Smoking too much could harm your color vision

Smoking too much could harm your color vision

In a new study, researchers found heavy smoking could harm people’s color vision.

The study was conducted by researchers from the Perception, Neuroscience and Behavior Laboratory in Brazil.

Currently, about 34.3 million adults in the U.S. smoke cigarettes and that more than 16 million people suffer from a smoking-related disease.

Previous studies have shown that cigarette smoke consists of numerous compounds that are harmful to health.

Smoking has been linked to a reduction in the thickness of brain layers and brain lesions.

Some brain areas, like the frontal lobe, could be affected.

Frontal lobe plays an important role in voluntary movement and control of thinking.

Smoking is also linked to a decrease in activity in the area of the brain that controls vision.

In this study, the team examined 71 healthy people who smoked fewer than 15 cigarettes in their lives and 63 people who smoke more than 20 cigarettes a day.

All of the 63 smokers have tobacco addiction and say they have not tried to quit smoking.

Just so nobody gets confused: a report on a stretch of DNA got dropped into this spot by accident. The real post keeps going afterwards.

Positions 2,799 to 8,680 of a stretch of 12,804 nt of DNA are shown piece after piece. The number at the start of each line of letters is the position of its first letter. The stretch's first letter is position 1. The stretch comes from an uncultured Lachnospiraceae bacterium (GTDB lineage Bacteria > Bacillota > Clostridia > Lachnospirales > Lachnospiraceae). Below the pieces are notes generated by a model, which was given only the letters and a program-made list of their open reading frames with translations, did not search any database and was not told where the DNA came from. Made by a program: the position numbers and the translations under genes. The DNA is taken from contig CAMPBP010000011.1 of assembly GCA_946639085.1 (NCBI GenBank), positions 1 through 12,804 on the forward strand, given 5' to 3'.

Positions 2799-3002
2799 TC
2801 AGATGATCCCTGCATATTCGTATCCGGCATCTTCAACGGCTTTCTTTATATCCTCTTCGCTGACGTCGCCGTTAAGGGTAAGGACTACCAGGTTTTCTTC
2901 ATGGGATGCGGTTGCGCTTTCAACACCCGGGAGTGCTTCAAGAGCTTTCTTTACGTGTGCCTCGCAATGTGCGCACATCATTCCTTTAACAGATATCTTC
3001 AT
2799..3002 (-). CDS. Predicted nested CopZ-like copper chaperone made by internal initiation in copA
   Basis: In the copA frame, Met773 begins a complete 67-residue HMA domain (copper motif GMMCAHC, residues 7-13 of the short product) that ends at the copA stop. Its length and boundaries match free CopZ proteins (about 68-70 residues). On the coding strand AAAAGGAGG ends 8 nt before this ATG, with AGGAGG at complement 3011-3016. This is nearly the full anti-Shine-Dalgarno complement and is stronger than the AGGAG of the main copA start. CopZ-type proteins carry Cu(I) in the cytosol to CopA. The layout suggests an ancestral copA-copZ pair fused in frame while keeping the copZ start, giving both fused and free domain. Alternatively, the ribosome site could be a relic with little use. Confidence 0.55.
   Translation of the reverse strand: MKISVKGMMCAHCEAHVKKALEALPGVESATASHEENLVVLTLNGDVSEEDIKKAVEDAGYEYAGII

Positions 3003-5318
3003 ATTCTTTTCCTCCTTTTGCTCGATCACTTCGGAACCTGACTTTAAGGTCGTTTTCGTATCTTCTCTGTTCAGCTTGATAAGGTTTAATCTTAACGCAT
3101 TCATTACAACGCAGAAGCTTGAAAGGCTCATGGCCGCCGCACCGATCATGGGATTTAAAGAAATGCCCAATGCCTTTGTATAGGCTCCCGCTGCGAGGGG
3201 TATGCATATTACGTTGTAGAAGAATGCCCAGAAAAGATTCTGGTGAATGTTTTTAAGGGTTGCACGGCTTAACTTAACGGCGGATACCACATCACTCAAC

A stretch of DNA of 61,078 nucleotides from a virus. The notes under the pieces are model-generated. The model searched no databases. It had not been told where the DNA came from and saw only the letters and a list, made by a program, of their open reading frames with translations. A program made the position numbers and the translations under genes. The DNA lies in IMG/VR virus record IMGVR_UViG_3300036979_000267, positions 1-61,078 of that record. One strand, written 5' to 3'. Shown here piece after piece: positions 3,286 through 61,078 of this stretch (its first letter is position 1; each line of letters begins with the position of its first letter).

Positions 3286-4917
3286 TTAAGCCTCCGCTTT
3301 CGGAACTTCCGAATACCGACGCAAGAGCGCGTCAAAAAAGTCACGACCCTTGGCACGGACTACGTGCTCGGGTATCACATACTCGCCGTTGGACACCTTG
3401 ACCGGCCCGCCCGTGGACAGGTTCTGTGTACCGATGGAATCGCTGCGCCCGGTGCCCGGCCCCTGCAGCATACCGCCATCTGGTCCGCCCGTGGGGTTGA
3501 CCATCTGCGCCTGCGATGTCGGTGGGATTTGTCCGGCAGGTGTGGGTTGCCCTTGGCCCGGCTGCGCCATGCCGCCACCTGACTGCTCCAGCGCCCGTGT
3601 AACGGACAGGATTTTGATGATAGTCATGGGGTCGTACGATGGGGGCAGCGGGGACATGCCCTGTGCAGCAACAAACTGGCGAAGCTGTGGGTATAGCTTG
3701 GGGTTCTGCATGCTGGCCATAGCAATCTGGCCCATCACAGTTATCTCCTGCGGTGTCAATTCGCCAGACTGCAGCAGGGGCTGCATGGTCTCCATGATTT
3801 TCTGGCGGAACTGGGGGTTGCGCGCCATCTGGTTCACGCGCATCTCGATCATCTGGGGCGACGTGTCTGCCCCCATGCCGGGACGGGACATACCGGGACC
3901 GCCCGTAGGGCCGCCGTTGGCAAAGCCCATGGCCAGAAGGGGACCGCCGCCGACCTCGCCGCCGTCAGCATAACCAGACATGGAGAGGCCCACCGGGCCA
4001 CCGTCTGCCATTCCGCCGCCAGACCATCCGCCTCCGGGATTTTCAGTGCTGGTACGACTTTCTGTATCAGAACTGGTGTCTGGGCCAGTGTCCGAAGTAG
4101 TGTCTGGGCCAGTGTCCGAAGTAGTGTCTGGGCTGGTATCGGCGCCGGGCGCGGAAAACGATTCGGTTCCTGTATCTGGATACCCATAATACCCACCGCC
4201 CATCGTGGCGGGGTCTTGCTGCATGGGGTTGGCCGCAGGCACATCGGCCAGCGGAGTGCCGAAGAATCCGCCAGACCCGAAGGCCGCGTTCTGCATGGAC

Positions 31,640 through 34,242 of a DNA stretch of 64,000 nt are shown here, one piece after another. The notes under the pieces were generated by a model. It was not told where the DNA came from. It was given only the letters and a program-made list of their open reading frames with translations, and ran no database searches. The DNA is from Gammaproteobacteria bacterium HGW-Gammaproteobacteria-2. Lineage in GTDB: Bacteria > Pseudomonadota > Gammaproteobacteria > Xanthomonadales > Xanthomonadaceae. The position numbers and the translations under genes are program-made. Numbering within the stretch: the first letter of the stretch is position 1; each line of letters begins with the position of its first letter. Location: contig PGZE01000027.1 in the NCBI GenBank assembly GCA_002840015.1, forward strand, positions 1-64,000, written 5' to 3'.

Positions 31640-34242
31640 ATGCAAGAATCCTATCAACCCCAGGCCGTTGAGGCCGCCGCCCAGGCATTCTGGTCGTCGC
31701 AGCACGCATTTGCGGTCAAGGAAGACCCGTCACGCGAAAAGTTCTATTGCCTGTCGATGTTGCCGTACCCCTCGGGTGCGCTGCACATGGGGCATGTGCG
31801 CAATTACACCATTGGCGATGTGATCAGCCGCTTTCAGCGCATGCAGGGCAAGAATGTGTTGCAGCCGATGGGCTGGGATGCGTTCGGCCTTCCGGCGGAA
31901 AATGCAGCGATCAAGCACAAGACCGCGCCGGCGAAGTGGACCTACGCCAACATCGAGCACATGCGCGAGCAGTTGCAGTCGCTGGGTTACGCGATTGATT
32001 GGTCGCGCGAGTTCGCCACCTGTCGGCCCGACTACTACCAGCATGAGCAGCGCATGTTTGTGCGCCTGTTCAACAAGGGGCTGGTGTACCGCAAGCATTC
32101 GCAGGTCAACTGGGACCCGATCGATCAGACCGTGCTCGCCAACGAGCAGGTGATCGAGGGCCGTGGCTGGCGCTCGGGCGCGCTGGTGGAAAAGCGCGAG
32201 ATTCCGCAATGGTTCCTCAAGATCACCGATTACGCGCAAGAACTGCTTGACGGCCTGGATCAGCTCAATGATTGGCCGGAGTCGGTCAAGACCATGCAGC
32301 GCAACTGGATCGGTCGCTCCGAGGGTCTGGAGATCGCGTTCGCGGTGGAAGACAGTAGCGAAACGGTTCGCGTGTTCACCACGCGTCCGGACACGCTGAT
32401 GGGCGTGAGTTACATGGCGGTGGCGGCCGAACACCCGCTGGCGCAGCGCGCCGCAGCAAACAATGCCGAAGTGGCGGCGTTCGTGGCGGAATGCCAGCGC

The researchers tested these people’s vision with standard visual acuity charts and found their visions were normal.

After that, the team examined how participants discriminated contrast levels (subtle differences in shading) and colors while seated 59 inches from a 19-inch cathode-ray tube monitor.

They found there were big changes in the smokers’ red-green and blue-yellow color vision.

In addition, heavy smokers showed less ability to discriminate contrasts and colors.

The findings suggest that using substances with neurotoxic chemicals continuously, such as those in cigarettes, may lead to overall color vision loss.

The results are in line with previous findings that long-term smoking is a big risk factor for age-related macular degeneration and lens yellowing and inflammation.

Although this study does not provide a physiological explanation for the results, the researchers suggest nicotine and smoking harm the vascular system and they also damage blood vessels and neurons in the retina.

In the future, the team may examine visual processing impairments in other groups of people that have a heavy smoking habit.

One author of the study is Steven Silverstein, director of research at Rutgers University Behavioral Health Care.

The study is published in Psychiatry Research.

Copyright © 2019 Knowridge Science Report. All rights reserved.

Further reading: Psychiatry Research.